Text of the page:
Monday, March 23, 2009

Percentage Pricing - the Key to Investment Banking

Of course, traditionally, the key to investment banking has been OPM - Other People's Money. That vital insight was conveyed to me when I was in a Fellowship at Yale, and two of my classmates, Steve and Fernando, were seniors interested in business. One day they came bubbling back from a class to let me in on the secret. Someone from Wall Street had come up to lecture to them and told them about OPM. Yes, they were bubbling, chortling. Such a key they had had introduced to them! There was also a bit of wonder about it - my God, can you do this?!

A variation of this is the observation of some, convincingly, that the major step to perdition in Wall Street has been the abandonment of partnerships in favor of public ownership. This has meant that risks incurred are not to one's own money, but public money. Before, partners had to question themselves severely about the risk they took. They were using OPM, but they were also injecting their own.

But it strikes me that in addition to OPM, a key element is what I call Percentage Pricing. This term simply means that, if you are an investment banker doing a deal, you price your participation not by your hours, but as a percentage of the total deal. Large deals in the billions - and all I want is one-half of one percent. Isn't that what they do? And what is the justification? Probably just that a very small percentage, and you're a CEO, what do you care?

In economics, I imagine this issue comes under "setting prices." I remember what the Russians asked in the 1990's when the Americans were trying to help them set up their new economy. They got the structure, that was pretty easy. But they kept asking the Americans: "But how do you set prices?" The Americans didn't really have an answer. There is plenty of literature on how prices adjust in a free market, but it involves costs, and costs involve prices themselves. It's one thing to go from an equilibrium; it's another to set up the equilibrium to begin with.

So, in investment banking, if you want to do a deal, you need to figure how much you will pay the investment bankers. This comes from what they have charged in the past, so you can figure on that. If they have competition for their time and effort, the same expectation of fees holds - depending on what they have gotten before.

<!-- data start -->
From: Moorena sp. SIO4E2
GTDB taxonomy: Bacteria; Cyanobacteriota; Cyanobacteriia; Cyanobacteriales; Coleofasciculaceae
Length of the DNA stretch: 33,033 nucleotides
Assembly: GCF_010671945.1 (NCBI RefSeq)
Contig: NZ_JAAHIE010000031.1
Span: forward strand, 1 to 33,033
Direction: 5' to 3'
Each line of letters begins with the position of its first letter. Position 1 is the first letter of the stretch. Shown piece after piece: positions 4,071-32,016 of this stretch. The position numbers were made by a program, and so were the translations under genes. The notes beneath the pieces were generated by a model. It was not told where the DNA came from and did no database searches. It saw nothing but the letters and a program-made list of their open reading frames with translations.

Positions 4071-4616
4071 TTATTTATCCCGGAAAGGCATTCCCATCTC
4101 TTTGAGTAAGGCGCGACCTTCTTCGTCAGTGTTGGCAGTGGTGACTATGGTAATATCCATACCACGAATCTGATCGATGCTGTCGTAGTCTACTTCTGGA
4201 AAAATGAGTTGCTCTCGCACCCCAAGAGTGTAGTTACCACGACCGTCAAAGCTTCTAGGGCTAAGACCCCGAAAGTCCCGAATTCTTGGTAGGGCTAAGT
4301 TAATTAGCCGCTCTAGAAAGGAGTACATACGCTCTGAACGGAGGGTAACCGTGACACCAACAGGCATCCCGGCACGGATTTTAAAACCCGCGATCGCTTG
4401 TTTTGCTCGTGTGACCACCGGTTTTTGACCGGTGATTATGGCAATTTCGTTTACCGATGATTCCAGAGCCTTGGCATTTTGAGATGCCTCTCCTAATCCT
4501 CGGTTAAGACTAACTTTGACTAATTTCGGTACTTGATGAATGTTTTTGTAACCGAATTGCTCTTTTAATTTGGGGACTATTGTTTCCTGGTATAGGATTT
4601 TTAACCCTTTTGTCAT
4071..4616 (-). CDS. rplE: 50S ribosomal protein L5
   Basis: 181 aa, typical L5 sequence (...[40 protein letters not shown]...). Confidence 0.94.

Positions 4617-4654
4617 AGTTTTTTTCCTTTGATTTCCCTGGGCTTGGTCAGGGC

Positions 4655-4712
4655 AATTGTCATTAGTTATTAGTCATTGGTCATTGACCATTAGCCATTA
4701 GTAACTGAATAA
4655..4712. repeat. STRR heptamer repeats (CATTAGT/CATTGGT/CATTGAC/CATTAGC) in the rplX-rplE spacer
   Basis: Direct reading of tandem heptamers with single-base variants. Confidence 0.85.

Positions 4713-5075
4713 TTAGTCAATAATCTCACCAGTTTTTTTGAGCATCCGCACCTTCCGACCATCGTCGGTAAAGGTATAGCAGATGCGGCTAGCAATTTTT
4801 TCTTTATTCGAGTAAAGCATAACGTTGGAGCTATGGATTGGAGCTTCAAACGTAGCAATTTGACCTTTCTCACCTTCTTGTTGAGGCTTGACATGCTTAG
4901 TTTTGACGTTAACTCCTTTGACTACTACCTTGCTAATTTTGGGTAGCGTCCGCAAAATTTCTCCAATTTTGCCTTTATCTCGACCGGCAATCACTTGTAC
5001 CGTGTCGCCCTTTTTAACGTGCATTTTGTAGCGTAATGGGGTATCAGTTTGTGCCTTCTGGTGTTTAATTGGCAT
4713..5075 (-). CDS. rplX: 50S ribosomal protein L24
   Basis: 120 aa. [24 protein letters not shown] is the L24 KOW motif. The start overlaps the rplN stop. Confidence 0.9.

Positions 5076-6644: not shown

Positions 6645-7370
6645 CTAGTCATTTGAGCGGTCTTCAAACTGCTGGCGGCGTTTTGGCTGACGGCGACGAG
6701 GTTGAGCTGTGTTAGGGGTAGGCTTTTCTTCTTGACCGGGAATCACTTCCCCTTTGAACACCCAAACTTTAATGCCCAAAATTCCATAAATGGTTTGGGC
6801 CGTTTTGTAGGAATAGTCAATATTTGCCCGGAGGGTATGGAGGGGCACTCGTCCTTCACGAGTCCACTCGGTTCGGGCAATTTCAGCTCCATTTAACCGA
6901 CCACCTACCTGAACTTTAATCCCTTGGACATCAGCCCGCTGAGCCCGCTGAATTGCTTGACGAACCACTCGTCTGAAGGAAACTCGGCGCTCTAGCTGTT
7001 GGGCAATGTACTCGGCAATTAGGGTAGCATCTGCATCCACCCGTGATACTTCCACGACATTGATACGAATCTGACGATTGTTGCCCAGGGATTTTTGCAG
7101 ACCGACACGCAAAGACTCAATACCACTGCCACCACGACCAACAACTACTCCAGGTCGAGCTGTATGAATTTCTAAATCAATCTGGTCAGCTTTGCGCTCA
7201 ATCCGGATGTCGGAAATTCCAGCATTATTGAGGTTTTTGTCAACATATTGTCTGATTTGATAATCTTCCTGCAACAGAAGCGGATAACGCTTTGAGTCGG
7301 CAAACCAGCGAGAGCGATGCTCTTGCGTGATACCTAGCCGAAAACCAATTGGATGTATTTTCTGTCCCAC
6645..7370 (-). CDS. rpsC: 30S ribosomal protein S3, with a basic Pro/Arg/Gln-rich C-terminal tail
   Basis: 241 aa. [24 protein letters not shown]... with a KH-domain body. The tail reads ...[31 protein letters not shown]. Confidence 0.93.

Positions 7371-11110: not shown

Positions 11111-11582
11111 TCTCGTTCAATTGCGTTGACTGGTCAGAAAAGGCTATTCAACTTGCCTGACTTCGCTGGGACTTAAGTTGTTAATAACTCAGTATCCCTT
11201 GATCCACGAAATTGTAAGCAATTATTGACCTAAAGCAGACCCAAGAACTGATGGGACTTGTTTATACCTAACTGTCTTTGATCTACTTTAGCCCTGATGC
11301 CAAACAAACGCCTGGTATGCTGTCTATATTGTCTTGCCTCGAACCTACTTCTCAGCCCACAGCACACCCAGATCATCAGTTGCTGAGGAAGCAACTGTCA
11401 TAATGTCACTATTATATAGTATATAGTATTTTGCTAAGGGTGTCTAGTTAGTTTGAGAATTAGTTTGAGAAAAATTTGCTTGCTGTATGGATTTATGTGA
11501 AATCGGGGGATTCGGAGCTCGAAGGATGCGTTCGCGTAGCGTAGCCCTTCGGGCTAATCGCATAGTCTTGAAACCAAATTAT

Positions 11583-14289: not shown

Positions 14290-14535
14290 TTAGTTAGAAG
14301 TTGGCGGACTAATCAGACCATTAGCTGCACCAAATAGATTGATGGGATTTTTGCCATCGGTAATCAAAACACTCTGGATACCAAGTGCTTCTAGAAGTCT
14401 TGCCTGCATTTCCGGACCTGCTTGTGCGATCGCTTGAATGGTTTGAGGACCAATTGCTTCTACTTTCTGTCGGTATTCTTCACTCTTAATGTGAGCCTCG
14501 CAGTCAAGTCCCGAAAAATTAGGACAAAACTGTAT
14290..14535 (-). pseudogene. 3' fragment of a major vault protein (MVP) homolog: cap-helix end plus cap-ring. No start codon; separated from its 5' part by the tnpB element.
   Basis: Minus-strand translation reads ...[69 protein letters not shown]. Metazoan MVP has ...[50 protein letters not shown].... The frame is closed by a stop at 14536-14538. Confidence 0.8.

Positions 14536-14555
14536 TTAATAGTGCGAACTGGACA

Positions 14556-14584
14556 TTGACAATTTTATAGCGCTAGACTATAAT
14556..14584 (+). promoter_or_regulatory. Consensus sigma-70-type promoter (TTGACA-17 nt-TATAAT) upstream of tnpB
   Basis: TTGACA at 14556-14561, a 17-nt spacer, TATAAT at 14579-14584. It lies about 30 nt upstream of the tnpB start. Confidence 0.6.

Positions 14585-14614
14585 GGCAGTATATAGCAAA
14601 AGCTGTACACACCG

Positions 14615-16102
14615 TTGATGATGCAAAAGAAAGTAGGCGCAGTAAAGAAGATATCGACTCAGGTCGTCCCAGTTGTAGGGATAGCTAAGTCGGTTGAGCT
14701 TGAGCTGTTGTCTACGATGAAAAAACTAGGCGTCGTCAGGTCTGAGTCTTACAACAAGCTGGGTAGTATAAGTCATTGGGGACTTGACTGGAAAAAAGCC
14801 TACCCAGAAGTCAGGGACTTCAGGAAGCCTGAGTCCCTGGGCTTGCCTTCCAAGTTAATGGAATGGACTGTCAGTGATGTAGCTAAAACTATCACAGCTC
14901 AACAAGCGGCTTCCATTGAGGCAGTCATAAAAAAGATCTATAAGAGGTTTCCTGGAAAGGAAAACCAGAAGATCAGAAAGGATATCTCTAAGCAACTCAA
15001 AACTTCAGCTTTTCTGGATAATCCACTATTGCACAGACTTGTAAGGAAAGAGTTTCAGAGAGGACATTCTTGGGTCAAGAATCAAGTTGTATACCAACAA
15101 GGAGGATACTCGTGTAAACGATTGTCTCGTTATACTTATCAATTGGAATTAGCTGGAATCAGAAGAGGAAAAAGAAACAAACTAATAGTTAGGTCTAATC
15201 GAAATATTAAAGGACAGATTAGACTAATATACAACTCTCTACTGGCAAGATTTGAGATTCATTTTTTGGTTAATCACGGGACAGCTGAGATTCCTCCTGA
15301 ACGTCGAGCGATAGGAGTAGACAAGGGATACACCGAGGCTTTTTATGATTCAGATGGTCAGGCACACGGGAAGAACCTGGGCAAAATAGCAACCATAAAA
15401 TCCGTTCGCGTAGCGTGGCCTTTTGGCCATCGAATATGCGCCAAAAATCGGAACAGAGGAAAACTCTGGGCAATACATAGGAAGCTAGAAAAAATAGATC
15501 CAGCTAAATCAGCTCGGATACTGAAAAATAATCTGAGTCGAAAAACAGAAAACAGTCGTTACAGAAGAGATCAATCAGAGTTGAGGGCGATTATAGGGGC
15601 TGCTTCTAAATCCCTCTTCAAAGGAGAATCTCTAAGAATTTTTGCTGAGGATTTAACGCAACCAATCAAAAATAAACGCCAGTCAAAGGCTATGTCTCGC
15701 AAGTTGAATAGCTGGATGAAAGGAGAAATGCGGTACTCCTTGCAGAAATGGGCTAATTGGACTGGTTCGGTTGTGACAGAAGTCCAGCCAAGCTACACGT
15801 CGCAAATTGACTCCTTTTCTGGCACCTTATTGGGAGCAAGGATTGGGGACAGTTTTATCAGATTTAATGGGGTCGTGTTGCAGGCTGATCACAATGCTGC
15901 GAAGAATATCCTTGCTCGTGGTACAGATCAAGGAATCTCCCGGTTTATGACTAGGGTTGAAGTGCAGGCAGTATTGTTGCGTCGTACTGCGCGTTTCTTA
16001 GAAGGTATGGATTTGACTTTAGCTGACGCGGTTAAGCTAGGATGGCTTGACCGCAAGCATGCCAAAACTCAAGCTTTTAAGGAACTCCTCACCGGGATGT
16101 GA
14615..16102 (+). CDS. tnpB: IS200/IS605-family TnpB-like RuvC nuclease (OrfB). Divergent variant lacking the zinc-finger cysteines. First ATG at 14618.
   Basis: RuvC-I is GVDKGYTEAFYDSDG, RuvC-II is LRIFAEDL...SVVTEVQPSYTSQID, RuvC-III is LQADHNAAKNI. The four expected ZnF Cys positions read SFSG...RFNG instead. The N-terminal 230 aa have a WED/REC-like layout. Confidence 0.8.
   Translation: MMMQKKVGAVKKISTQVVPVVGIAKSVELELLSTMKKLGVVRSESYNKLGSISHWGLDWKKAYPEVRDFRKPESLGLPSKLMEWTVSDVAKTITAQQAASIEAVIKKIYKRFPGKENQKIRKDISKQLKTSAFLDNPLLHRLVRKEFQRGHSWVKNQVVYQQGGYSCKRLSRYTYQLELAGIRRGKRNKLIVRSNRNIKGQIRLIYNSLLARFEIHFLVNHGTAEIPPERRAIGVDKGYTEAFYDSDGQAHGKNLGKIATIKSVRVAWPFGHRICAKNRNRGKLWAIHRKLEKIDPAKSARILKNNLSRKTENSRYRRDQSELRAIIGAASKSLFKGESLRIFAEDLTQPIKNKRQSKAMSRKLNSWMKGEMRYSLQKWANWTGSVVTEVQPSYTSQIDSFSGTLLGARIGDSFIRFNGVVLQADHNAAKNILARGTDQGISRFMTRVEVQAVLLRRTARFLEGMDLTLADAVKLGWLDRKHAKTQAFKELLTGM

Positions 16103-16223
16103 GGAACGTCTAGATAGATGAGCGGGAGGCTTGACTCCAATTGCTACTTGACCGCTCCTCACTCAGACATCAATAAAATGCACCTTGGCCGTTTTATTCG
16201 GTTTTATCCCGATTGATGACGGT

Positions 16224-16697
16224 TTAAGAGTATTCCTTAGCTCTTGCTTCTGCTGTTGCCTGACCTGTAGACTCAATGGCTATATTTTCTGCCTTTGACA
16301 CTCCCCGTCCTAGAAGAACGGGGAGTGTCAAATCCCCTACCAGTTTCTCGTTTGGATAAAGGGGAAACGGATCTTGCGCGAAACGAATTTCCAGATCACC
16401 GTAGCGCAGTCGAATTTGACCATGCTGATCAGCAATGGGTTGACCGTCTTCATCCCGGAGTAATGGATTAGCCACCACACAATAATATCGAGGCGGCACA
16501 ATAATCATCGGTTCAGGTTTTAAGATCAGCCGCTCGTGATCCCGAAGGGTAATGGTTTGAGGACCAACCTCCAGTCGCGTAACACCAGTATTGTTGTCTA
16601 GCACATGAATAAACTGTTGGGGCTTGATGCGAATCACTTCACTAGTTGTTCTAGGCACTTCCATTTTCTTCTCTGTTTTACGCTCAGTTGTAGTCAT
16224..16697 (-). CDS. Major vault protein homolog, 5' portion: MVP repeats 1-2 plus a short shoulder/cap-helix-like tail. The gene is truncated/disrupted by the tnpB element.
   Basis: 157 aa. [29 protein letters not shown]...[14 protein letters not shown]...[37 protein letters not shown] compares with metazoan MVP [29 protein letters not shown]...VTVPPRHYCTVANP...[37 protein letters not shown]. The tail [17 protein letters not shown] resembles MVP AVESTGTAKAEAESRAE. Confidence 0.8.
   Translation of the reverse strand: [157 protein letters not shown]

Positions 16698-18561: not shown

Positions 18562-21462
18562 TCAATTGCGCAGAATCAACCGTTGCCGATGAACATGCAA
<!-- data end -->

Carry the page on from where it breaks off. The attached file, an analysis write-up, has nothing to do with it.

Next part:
It's similar to CEO pay - abroad, it's far less than in America. Does this mean their CEO's are worse? That's doubtful. It's just tradition and expectations.

So, back to Russia - I would love to know how it worked out, and where they got their inspiration of where to start out. In the end, it's probably who's got the cajones to set the price he wants and stick by it.

It reminds me of ecology. You might think that given a certain percentage of various species in a set environment, that the eventual equilibrium of how many of each species gets established in the environment would be constant. X percentage of this animal, y percentage of that. But that's not the case at all. It's widely variable, but in each case, once an equilibrium is established, that's where it sticks. One case can have X percentage of species A, and the second case, with identical start point, will come out with Y percentage for species A, and X and Y are very different.

I see the same thing in medical care. In the USA, specialties rule - the specialists get paid a lot. the primary care docs don't get so much at all, despite the fact that it is widely recognized that the best systems have primary care as the base, and in this country we are becoming very deficient in primary care docs. Abroad, primary care docs can earn more than the specialists. Specialties like orthopedics have very dominant personalities populating their ranks; these assertive people make a lot of money, because they demand it. No other reason I can think of.

It is no coincidence that the culture of investment banking is one of very dominant personalities. They simply set the price at what they can get - as percentages of the deal, even though what they do has really no connection at all with the underlying worth of the businesses involved. These guys have balls, and balls brings money.

C'est la vie.

Budd Shenkin

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